The Cannes gala ritual is always the same. The auteur and the cast walk up the Tapis rouge to the top, where they are greeted by Thierry Fremaux and turn around to face the phalanx of photographers and fans. It’s all transmitted on the big screen at the Lumiere, as the audience watches the likes of Blake Lively in resplendent blue on the red Palais steps, her long train splayed behind her, followed by “The Artist” husband and wife team of Michel Hazanavicius and Bérénice Bejo. Steven Spielberg got book-ended standing ovations at the premiere screening of “The BFG,” and the warm-hearted family fantasy played fine to the crowd.
“The BFG” landed mixed reviews (here’s Indiewire’s take), possibly because this old-fashioned Roald Dahl fantasy about giants in England falls on the saccharine side of the Spielberg spectrum, falling into the genre occupied at the top end by “E.T.” (also written by the late Melissa Mathison) and the Peter Pan and Wendy style of old-fashioned Anglophilic children’s fantasy represented by “Hook.”
Mark Rylance as the friendly “runt” giant who befriends a young orphan (Ruby Barnhill) adds grace and richness to the movie, but the decision to shoot the giants as stylized CG creatures is strange. (Spielberg says this is the only time he has worked with the same actor four films in a row—Rylance is committed to two more films including “Ready Player One.”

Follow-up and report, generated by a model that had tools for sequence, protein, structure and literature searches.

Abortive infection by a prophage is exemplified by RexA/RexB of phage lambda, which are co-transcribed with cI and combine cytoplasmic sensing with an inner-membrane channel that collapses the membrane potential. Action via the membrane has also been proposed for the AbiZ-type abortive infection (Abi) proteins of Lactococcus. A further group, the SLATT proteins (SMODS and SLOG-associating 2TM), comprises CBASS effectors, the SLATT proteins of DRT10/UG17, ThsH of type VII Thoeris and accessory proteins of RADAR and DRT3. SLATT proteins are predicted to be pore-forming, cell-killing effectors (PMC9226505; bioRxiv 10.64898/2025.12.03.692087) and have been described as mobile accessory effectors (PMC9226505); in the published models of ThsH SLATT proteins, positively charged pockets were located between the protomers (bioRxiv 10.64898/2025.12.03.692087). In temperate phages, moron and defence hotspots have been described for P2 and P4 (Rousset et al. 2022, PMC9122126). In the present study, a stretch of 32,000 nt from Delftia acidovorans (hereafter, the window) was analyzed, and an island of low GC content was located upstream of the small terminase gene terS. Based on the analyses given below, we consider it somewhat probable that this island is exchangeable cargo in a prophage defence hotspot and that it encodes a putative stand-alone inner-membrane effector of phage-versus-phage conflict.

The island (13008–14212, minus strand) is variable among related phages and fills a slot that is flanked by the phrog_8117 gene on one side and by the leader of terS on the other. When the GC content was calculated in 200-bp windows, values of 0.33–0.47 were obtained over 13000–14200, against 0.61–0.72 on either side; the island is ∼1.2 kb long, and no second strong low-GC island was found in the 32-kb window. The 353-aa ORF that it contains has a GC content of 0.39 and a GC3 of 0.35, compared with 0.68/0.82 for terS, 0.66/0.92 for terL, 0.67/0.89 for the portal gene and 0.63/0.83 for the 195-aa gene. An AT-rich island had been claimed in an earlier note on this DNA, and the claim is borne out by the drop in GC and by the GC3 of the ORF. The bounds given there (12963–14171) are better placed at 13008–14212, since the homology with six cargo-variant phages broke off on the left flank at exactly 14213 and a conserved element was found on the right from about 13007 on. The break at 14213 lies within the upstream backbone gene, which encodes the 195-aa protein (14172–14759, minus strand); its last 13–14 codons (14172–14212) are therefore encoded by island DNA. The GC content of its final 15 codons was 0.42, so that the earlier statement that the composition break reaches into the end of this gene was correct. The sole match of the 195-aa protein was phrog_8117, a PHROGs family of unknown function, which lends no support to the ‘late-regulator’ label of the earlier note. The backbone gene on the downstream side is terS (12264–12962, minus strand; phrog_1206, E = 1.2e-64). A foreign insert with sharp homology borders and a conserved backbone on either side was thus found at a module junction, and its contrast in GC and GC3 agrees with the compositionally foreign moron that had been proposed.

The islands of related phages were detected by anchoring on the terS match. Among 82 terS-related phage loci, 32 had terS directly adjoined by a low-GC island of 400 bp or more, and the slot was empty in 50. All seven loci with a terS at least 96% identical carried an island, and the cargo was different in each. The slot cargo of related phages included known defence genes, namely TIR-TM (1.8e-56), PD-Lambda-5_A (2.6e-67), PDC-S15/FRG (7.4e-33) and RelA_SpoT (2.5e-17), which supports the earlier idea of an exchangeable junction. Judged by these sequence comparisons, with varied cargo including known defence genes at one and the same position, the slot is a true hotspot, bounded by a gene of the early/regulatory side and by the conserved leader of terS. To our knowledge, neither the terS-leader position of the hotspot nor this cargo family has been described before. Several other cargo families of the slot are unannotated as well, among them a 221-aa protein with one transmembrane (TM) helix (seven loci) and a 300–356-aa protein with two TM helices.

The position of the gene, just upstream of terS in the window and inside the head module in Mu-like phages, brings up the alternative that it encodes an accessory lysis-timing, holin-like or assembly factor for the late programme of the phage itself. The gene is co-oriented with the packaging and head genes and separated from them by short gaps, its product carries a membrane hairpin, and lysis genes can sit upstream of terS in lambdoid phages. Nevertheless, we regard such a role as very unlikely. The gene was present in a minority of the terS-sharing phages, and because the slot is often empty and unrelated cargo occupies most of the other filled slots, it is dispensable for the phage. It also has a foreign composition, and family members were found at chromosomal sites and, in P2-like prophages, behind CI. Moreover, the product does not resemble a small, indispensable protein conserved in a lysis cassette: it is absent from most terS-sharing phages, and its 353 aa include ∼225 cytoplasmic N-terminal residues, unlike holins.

At the Carton Beach after-party, Spielberg was exuberant about how much fun it was to shoot the movie unfettered and unrestrained, letting his imagination run wild. He had always wanted to do the giants this way—it’s clearly his conception to have them be “fantastic,” as VFX master Joe Letteri (“Avatar,” “King Kong”) can do anything at this stage. As “The Jungle Book” is an animated movie with one live actor, “The BFG” is a live action movie with animated giants—the equivalent of “Jurassic Park”‘s dinosaurs. The fact that they are humanoid is the problem, as is their scale—remember the Ang Lee Hulk hopping through the sky? This giant does the same, and it doesn’t calibrate as real. Neither does scooping up Sophie in his hand.
Lucasfilm chief Kathleen Kennedy and husband Frank Marshall also came to Cannes; Kennedy told her Disney bosses she would have to see through this movie, which she had been developing for seven years. Participant’s Jeff Skoll and David Linde, now financial partners with Spielberg, are looking forward to having distribution at last via Universal and Focus Features.